Is there a solemnity about the rearward-looking scene of a distanced Earth — an awe that prompts reflection? A scene made all the more evocative by our believing that Earth is immersed in a sort of cosmic sea — of dark matter, dark energy, quantum fluctuations, and more. Is there the perception of ‘aloneness’, too, our seemingly distanced from everyone and everything else in that cosmic sea? The silence of the gaping, inky space contrasts with the cacophony of Earth, the latter a hive of devices that magnify our voices and echo our presence. Will that cacophony continue, or ultimately go silent?

In that presence, we marvel that humankind, dwelling on the comparatively tiny planet seen from the lunar perspective, nevertheless has the cognitive wherewithal to ponder and increasingly understand the cosmology of the whole universe: its beginning, its evolution, its current circumstances, its future. A study in the making, propelled by an irresistible impulse to know.

Anyone whose culture might have included the pre-digital-age children’s game of marbles may nostalgically recognise, from this lunar distance, the surface appearance of Earth, with its gauzy, chaotically swirling patterns. We admire its familiarly abstract beauty. All the while suspecting that there’s order interweaving the deception of chaos. Surrounding this marble-like Earth is a bewildering stillness and blackness — a blackness majestically interrupted, however, by galaxies and stunning phenomena like the Pillars of Creation.

Future generations will grasp, better than us, how this one step on another cosmic body, however craggy and nearby the moon is, served to spur far more ambitious tours through space, whether by human beings or sophisticated thinking apparatuses — to face down the harsh environment of space as we inexorably scratch our exploratory itch.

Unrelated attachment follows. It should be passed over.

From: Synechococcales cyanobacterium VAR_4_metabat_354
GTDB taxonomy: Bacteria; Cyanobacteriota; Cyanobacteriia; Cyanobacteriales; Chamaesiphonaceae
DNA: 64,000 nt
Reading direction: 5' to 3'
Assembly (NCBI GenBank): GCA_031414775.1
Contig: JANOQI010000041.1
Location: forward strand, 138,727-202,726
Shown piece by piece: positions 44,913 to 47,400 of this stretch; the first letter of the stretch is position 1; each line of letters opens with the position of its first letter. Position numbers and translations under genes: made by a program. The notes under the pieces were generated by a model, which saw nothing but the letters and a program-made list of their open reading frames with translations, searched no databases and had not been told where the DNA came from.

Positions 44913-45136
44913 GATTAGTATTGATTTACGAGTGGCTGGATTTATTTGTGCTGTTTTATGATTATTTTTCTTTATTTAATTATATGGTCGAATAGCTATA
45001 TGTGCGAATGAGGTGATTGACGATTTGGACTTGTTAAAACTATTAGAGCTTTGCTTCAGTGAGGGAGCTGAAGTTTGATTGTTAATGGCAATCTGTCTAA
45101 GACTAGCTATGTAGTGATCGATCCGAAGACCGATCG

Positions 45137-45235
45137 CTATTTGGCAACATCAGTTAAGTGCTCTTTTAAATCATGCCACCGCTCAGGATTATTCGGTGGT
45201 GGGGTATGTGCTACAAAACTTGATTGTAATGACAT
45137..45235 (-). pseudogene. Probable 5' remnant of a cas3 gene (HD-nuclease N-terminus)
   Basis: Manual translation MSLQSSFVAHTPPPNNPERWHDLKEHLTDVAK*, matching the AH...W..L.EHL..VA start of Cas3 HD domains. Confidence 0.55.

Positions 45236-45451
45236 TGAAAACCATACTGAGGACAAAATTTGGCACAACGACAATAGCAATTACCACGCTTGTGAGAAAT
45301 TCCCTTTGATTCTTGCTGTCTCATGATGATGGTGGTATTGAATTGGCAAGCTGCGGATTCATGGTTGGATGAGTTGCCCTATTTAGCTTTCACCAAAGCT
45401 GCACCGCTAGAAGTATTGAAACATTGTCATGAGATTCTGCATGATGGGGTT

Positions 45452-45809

Tessa den Uyl said...

Apart from astronauts, most of us will never experience this view, except from a picture. Though human being has always been aware about being part of the cosmos, there was no need of proof to bring that into consciousness. And now, with more knowledge and technology to enhance our intelligence, people tend to forget they are rather insignificant within a large whole, hence some think they are their possessions!

We do not shrink in distance I think ( ref. to 4th paragraph), like every atom finds its place in a universe, so do we. (Visible or not). Though thinking that our thinking is important for that universe, I think is a big mistake.

Keith said...

“Though human beings have always been aware about being part of the cosmos, there was no need of proof to bring that into consciousness. And now, with more knowledge and technology to enhance our intelligence, people tend to forget they are rather insignificant within a large whole….”

I agree with you, Tessa, that conceptually people may always have sensed an awareness of their being, as you say, part of some grander cosmos. I feel that what has helped, though, to shift that concept from an abstraction to concreteness has been modern space technology, most notably the Hubble space telescope (launched into near-Earth orbit in 1990). I mention, in the narrative, the iconic “Pillars of Creation,” which may be the most illustrious among such images. (I suggest checking it out again, as a reminder, at NASA’s website.) It’s hard to gaze upon the Pillars of Creation without awe at its magnificence and size as a very busy nursery of stars — a stunning reminder of the light-years-measured dimensions and absolutely roiling energy of the cosmos we live in. But at the same time the image is also, I find, extraordinarily humbling as to where and how humankind might fit in — making it hard to duck at the very least querying our “significance within a large whole” that you refer to. Over an unexpectedly long lifetime, Hubble has produced a precious trove of other such images, most of which hammer home the point you make about “people being part of [this magnificent] cosmos.” I say, with a mischievous grin, that all that’s left to figure out is what that “part” in the cosmic theater we might be playing.